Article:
8 September - 13 September 1916 - The Bulgarian Army halts the Mackensen Offensive in the Battle of Nis. Atlantean Expeditionary Forces begin reinforcing them. The Atlanteans cover their advance with the largest aerial campaign in the Balkan Campaign up to that point, with 800 aircraft participating. The battle reaches a peak on September 10-11.
9 September 1916 - Battle of Ginchy (Battle of the Somme).
10 September 1916 - The Serbian, French, British, and Greek armies under Sarrail attack into southern Serbia and Montenegro. Their force is estimated at 4 French divisions, 4 British divisions, 9 Serbian divisions [4], and 3 Greek divisions. The Bulgarians field 15 divisions, the Atlanteans 25 divisions [5], and the Romanians 15 divisions.
13 Sepember 1916 - Mackensen Offensive ends with the relief of Bulgarian forces at Nis by the Atlanteans.
14 Sepember 1916 - The Entente’s Balkans forces are reorganized. French general Sarrail takes command of the French, Greek, and Serbian forces in the Armee d’Orient (West), while Atlantean Field Marshal Damon Thule-Saulius takes command of Atlantean, Bulgarian, and Romanian forces in the Armee d’Orient (East).
14 September - 17 September 1916 - Seventh Battle of the Isonzo.
15 September 1916 - Battle of Flers-Courcelette. First use of the tank in warfare.
18 September 1916 - The Romanian Army opens the Transylvania Offensive.
18 September - 21 November 1916 - The Romanian Army pushes Austro-Hungarian forces out of Transylvania during the Transylvania Offensive.
20 September 1916 - Brusilov Offensive ends.
25 September 1916 - Battle of Morval (Battle of the Somme).
26 September - 28 September 1916 - Battle of Thiepval Ridge (Battle of the Somme).
1 October - 5 November 1916 - Battle of Le Transloy (Battle of the Somme).
9 October - 12 October 1916 - Eighth Battle of the Isonzo.
24 October 1916 - The French recapture Fort Douaumont near Verdun.
1 November - 4 November 1916 - Ninth Battle of the Isonzo.
13 November - 15 November 1916 - Battle of the Ancre (Battle of the Somme).
18 November 1916 - The end of the Battle of the Somme.
21 November 1916 - Francis Joseph I, Emperor of Austria and King of Hungary, dies and is succeeded by Charles I. Urban legend in Romania claims that he suffered a breakdown as a result of the conclusion of the Romanian Transylvania Campaign, which ended this day.
5 December 1916 - Prime Minister Henry Asquith resigns and is succeeded by David Lloyd George.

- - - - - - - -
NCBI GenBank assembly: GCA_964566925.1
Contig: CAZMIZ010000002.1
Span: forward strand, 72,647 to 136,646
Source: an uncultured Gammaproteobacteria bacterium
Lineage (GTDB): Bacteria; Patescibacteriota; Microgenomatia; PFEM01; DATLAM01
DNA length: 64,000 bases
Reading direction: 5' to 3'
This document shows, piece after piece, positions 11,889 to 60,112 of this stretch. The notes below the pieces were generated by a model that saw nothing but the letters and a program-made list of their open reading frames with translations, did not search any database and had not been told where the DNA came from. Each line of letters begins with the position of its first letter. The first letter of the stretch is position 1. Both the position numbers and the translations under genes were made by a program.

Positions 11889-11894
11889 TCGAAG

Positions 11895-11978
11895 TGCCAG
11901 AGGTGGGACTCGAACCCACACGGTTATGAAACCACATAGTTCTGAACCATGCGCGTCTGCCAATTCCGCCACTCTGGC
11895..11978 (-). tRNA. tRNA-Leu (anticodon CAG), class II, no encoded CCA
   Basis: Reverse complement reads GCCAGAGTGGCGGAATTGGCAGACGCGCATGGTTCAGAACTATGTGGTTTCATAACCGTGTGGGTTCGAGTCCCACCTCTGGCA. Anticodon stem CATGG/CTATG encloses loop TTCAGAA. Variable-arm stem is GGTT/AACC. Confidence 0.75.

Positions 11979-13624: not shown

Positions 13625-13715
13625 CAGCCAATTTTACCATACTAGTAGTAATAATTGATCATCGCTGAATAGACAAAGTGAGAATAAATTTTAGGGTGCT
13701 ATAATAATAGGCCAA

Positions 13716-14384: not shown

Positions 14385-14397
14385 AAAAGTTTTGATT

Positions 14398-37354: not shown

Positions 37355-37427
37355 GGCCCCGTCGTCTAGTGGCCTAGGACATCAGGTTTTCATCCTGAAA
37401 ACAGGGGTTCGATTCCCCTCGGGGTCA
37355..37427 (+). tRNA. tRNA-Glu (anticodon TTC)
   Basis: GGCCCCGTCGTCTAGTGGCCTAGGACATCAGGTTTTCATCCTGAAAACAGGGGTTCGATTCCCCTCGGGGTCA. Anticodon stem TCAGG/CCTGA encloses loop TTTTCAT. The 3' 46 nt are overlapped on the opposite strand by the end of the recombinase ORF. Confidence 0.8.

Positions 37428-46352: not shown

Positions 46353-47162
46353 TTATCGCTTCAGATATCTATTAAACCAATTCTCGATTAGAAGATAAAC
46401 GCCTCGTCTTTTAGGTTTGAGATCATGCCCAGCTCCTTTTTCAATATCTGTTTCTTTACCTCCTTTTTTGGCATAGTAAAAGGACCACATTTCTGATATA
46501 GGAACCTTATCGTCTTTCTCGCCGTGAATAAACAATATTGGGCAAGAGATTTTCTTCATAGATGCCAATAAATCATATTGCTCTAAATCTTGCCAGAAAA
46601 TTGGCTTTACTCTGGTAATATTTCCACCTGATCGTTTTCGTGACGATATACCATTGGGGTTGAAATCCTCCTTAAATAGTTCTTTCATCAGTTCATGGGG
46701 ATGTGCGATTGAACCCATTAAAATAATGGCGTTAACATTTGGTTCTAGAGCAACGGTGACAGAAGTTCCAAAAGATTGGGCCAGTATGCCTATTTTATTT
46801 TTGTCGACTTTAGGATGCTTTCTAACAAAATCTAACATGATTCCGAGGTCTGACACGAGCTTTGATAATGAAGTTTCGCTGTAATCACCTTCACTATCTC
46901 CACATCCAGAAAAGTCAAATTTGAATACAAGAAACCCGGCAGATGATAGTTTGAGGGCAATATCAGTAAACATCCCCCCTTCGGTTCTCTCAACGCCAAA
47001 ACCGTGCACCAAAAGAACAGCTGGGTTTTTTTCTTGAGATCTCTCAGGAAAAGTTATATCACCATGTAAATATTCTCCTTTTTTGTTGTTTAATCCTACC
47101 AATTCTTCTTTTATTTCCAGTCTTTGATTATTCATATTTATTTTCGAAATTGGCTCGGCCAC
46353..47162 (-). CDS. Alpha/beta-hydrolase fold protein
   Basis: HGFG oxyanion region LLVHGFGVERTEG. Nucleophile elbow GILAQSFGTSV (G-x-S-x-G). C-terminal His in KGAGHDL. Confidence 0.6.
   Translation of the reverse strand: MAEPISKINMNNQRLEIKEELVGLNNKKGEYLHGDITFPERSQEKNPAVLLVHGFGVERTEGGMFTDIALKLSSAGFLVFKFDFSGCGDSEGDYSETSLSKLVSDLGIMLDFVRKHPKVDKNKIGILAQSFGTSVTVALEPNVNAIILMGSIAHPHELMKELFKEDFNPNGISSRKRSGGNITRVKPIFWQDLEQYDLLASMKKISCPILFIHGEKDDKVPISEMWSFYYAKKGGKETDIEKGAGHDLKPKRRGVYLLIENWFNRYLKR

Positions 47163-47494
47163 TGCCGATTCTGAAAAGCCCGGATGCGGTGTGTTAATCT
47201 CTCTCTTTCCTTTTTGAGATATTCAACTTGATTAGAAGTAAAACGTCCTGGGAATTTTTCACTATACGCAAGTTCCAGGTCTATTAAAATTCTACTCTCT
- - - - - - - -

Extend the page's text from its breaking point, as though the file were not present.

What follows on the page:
6 December 1916 - 3 January 1917 - The Second Mackensen Campaign. German and Austro-Hungarian armies under Mackensen launch a major counterattack into Transylvania with the goal of entrapping and destroying the Romanian Army. The offensive breaks down into intense defensive mountain warfare.
8 December - 26 December 1916 - Battle of Jerusalem. Allenby enters Jerusalem on the 11th, walking rather than riding to display his respect for the holy city.
13 December 1916 - Robert Nivelle replaces Joseph Joffre as Commander-in-Chief of the French Army.
18 December 1916 - 14 January 1917 - The first stage of the Great Serbian Offensive. The Atlantean and Bulgarian troops under Thule-Saulius attack northwest down the Morava River Valley to relieve pressure on the Romanian Army in Transylvania. The French, Greek, and Serbian armies under Sarrail attack through Montenegro, with the French taking Sarajevo on 14 January.


Tuesday, November 23rd 2010, 11:16pm

The Great War: 1917

14 January 1917 - Sarrail enters Sarajevo.
16 January 1917 - The German Foreign Secretary Arthur Zimmermann debates sending a telegram to his ambassador in Mexico, instructing him to propose the Mexican government an alliance against the United States. After some discussion, the German government rejects the proposition and does not send the note.[6]
1 February 1917 - Germany resumes unrestricted submarine warfare.
18 February - 20 April 1916 - Entente offensive through Serbia (Second Stage of the Great Serbian Offensive. All nine divisions of the Serbian Army are redeployed in the line in order to give them the prestige of retaking Belgrade, which falls on 19 March.
23 February - 5 April 1917 - The Germans withdraw to the Hindenburg Line.